The Taser's Edge


What Does God Sound Like?

Today is Transfiguration Sunday (a fact I admit I didn’t realize until seeing the bulletin at church this morning).  From Matthew 17:

[Peter] was still speaking when, behold, a bright cloud overshadowed them, and a voice from the cloud said, “This is my beloved Son, with whom I am well pleased; listen to him.”  When the disciples heard this, they fell on their faces and were terrified.

I like this image of the Transfiguration, because despite the pasty-whiteness, it really captures some terror on the part of the disciples:

In the scheme of things, it doesn’t seem as important how the sound waves created by God’s voice are heard by human ears in comparison to the information conveyed by the language used by God.  Google “What does God’s voice sound like?” and you will find a lot about discerning God’s will but nothing about pitch or timbre.

However, it does matter for our imaginations of God what God’s voice sounds like, and the Church could help its members’ imaginations by talking about the question.  Does God sound like Charlton Heston?  James Earl Jones?  Some other rumbling male voice?  Alanis Morissette?

Many waters (Revelation)?

Okay, this book is not about Revelation.

Thunder (Baptism of Jesus)?

Sheer silence (NRSV’s thought-provoking take on the classic “still, small voice” to Elijah)?

The point being that the voices we think of as God (from famous movies or from church productions or skits which have an offstage speaker into a microphone) almost always belong to faces with at least some stubble and possibly a full beard.  So what do we do to challenge that?  Use a female voice, and you may get people to think or to question (which would be great), but you may end up replacing a male God with a female God, which repeats the same problem.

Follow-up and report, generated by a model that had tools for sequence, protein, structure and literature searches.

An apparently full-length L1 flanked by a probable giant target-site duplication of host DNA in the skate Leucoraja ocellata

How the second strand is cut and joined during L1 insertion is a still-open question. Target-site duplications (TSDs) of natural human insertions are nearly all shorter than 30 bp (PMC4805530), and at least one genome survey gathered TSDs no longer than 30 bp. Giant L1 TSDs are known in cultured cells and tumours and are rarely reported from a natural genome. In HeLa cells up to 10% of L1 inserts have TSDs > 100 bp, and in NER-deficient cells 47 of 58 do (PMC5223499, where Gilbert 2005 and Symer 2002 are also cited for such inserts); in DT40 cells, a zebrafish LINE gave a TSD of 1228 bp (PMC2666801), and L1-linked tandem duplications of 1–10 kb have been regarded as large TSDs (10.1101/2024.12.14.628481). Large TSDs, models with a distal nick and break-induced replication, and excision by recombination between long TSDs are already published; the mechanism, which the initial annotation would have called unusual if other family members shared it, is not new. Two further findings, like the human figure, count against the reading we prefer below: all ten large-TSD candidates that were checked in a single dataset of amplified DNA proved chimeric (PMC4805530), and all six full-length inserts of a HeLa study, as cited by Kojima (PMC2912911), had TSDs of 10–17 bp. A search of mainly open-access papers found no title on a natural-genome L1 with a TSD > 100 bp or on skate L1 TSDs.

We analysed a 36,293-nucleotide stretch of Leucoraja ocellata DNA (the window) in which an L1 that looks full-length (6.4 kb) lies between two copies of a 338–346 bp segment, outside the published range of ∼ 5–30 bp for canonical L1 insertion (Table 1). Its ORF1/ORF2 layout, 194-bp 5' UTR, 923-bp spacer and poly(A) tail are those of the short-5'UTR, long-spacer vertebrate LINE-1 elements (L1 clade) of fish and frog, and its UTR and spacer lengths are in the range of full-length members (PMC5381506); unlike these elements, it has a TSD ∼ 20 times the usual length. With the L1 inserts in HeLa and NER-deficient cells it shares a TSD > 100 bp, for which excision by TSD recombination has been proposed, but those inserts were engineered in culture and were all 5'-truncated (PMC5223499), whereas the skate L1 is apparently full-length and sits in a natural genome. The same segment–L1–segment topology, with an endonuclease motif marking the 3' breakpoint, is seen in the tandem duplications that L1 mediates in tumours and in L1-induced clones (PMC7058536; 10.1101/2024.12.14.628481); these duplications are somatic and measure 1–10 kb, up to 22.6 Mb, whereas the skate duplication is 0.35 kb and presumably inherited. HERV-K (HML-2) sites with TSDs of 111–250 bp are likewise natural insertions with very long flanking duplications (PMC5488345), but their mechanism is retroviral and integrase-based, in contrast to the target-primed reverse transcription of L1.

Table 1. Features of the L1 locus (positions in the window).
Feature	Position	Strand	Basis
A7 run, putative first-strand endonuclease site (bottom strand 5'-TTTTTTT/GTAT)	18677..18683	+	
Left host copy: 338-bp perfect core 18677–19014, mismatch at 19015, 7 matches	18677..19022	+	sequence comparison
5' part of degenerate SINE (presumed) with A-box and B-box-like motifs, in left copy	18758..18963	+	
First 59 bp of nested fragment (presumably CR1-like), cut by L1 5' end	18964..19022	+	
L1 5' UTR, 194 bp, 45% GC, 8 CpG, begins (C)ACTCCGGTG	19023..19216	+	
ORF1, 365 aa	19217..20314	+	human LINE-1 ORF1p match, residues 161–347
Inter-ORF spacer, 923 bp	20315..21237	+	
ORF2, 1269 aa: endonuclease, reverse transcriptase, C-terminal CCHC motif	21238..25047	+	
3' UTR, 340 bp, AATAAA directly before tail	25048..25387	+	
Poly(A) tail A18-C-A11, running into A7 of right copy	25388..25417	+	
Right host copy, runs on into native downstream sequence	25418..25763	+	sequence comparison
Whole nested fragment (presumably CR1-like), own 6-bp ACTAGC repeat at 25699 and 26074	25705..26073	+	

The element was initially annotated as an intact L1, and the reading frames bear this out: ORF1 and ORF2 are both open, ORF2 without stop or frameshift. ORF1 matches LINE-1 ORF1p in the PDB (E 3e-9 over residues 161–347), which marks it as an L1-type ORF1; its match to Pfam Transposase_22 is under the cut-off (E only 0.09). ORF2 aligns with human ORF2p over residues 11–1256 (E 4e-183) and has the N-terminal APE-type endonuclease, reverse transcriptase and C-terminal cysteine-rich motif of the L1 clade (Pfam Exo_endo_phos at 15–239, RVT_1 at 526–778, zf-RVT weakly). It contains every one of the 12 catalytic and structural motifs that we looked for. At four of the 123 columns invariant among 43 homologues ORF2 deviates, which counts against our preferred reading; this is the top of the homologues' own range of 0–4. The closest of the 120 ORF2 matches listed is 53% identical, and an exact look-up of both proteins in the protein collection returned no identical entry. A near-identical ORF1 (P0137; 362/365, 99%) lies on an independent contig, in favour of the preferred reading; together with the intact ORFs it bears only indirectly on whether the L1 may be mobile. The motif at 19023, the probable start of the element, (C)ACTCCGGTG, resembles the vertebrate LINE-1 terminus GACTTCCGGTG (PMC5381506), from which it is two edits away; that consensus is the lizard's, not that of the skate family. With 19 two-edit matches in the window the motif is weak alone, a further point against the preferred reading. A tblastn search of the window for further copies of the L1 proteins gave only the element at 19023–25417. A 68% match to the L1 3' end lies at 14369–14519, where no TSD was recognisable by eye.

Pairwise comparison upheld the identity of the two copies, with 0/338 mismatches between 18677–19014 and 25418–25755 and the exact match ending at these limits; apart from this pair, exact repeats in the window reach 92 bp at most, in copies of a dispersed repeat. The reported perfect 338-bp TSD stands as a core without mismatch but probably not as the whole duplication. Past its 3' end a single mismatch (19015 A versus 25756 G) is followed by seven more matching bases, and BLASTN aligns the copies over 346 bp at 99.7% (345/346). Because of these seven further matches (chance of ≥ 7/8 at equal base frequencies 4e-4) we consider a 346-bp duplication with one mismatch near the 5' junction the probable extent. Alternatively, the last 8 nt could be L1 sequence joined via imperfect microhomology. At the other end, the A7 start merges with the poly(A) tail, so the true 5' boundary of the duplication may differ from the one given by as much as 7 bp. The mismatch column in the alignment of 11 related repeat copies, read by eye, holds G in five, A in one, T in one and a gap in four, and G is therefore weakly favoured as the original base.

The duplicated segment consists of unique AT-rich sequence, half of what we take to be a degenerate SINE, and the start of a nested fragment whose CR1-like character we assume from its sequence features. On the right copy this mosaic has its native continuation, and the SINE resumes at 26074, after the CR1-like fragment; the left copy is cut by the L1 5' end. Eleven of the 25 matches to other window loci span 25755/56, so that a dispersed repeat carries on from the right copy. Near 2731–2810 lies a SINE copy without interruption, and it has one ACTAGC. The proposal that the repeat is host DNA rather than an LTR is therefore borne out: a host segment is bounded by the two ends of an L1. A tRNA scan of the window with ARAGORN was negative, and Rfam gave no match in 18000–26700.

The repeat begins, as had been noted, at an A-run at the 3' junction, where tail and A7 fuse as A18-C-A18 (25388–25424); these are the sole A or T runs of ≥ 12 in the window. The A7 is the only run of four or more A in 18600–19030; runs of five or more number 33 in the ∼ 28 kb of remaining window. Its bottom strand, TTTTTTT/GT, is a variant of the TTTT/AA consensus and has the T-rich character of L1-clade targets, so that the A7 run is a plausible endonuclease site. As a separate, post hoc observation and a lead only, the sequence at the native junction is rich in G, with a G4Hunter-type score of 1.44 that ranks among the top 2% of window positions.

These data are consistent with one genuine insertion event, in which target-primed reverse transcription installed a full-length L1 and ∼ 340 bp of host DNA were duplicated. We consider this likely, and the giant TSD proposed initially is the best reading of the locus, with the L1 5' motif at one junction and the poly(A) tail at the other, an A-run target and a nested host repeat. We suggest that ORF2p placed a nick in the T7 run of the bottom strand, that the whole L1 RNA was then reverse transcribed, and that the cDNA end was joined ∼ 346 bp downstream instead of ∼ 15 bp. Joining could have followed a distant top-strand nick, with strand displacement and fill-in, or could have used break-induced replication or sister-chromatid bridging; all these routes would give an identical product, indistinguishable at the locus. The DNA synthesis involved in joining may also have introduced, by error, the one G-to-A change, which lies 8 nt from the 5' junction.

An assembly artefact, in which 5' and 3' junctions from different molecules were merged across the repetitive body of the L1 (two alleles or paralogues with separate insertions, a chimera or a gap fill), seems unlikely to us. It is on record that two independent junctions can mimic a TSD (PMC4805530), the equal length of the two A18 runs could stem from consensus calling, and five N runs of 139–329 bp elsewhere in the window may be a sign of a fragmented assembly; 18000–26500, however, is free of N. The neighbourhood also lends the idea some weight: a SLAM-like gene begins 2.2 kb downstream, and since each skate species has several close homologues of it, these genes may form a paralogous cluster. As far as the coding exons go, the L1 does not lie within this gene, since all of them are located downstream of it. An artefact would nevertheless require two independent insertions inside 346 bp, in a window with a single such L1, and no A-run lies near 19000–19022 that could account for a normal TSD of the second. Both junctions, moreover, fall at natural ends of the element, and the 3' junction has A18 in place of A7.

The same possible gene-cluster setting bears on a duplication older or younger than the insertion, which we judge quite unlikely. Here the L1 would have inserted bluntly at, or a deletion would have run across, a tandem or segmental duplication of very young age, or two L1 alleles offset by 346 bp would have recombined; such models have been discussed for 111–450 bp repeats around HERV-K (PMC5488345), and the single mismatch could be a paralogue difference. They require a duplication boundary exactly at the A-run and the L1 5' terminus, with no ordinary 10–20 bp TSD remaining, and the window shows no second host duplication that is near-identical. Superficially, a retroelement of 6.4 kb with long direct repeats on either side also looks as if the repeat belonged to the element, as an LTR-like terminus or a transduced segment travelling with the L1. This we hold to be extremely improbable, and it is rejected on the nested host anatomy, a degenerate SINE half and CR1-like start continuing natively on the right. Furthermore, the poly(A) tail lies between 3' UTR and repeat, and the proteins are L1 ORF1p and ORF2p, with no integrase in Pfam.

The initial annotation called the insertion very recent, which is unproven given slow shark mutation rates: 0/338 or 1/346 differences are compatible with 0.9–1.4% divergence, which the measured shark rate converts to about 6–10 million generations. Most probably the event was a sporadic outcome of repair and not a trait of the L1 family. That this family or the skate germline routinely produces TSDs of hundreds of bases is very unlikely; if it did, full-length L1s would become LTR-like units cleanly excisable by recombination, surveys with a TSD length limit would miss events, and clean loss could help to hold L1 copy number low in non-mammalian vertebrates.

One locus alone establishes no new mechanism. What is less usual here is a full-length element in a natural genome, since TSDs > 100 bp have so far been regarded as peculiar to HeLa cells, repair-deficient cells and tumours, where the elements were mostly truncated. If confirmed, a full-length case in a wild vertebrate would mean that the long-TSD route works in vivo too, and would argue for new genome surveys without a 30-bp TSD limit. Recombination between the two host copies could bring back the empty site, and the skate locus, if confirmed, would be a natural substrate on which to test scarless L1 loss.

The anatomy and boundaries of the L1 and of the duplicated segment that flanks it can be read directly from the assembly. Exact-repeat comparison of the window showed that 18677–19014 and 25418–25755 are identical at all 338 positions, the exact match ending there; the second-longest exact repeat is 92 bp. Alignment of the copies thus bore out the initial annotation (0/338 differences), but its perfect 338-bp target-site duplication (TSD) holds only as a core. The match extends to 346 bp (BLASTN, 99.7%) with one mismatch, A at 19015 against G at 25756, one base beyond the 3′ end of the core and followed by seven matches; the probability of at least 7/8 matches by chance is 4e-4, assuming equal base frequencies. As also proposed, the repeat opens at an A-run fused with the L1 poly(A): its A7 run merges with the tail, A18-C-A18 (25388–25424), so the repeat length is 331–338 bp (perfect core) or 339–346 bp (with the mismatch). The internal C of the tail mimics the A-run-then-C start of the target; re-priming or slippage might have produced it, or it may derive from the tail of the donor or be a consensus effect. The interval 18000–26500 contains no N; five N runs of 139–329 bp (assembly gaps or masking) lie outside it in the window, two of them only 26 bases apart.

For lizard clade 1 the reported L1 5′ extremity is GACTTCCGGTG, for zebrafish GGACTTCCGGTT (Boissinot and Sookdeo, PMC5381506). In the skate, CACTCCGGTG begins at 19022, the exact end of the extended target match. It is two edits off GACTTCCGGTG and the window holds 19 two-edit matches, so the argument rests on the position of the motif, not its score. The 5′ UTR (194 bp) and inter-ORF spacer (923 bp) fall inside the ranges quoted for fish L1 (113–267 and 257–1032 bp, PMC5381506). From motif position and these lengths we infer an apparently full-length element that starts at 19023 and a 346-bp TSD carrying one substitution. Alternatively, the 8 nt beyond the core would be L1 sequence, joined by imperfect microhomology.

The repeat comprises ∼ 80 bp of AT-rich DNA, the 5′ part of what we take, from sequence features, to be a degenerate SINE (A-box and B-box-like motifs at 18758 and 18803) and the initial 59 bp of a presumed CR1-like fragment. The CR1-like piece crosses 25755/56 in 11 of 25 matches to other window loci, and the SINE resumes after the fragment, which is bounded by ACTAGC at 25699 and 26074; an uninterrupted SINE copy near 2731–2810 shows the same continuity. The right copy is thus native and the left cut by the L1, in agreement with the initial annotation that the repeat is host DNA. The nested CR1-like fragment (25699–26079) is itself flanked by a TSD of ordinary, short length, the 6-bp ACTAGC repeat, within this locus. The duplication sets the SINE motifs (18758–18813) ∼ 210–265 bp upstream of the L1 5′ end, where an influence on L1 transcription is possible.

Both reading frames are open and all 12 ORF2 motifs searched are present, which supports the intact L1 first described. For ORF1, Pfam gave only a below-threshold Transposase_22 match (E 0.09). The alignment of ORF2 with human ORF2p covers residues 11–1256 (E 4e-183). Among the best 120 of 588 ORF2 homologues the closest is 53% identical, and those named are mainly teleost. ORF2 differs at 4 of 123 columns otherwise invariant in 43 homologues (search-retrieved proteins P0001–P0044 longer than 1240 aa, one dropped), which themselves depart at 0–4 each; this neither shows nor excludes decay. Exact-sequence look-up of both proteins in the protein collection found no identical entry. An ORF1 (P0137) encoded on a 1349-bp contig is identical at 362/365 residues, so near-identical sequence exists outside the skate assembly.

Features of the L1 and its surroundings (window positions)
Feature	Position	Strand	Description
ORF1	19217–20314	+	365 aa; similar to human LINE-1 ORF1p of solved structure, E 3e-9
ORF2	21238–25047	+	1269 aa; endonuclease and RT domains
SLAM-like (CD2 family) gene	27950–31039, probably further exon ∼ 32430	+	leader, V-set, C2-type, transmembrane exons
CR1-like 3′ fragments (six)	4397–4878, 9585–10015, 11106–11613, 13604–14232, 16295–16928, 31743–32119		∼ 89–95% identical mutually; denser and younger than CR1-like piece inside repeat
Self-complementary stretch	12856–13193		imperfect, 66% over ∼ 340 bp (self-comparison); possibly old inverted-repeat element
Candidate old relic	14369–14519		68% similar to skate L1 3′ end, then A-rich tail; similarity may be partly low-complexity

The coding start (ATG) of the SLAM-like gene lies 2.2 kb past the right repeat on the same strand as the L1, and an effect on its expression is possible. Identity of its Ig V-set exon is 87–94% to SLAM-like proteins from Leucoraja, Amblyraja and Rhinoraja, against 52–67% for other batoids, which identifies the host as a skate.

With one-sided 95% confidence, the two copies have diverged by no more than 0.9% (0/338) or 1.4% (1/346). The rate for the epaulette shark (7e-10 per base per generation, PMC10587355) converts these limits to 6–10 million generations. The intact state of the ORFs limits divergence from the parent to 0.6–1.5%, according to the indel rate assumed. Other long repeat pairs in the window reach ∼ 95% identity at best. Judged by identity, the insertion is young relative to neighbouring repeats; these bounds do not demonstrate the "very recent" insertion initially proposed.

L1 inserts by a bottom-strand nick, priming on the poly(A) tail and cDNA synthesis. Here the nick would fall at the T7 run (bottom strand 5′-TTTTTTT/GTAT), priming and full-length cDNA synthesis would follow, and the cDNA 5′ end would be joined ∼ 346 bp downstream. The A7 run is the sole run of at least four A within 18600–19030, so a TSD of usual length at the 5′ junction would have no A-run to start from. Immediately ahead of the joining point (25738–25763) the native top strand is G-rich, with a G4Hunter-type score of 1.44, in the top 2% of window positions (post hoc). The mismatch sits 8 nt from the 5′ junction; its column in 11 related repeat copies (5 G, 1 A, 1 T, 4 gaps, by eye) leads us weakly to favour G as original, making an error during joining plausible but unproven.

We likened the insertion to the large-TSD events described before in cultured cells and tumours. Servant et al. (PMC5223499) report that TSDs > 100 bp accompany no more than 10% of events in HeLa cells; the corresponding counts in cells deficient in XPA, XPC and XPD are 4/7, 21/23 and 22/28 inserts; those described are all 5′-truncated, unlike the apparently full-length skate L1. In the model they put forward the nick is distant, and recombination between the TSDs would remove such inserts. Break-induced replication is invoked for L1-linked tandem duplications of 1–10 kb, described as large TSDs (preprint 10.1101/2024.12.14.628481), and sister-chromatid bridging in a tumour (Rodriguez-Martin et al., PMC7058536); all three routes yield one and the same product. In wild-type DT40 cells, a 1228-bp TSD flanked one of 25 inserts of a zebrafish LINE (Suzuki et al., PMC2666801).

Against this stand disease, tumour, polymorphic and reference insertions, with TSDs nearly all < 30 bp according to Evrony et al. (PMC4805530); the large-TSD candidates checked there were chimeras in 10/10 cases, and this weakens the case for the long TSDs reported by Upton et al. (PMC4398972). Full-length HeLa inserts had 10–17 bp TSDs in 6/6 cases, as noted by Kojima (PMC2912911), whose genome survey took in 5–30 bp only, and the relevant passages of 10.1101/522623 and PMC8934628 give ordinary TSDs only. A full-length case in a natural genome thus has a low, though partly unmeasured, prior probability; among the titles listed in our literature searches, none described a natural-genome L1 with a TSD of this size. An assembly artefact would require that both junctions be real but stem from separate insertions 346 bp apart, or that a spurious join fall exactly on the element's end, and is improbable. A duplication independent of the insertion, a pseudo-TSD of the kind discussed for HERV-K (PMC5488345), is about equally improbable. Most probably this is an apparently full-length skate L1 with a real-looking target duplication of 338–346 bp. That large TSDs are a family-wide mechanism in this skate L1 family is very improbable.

The response to this which I often hear from theologians is that God is without gender or sex.  I hate that answer, abhor it.  If there is no connection between the image of God and the sexes, then sex is meaningless.  And sex is far from meaningless.  There must be a connection between us and God, not in every single thing (lest we get into, What does the inside of my elbow reveal about God’s character?) perhaps, but you can bet that if something is as important to us as sex is, it indeed is part of the image of God in us.

What does it say about how limited our imaginations are that there are only about five different ways that we can imagine God’s voice sounding–clearly male, clearly female, purposely androgynous, and maybe electronic or some kind of animal?  Start imagining bigger, because you can bet that a voice that brings out the type of terror that God’s voice on the Mount of Transfiguration did in the disciples, and which is described in so many different ways in Scripture (as the above only scratched the surface) just might be slightly more interesting than our current imaginations allow.

This makes me think of a couple folks I have known who do claim to have heard the voice of God audibly.  I wonder what that was like.  One of them was driving at the time, and is still alive, so I don’t think the voice inspired pure terror for him.


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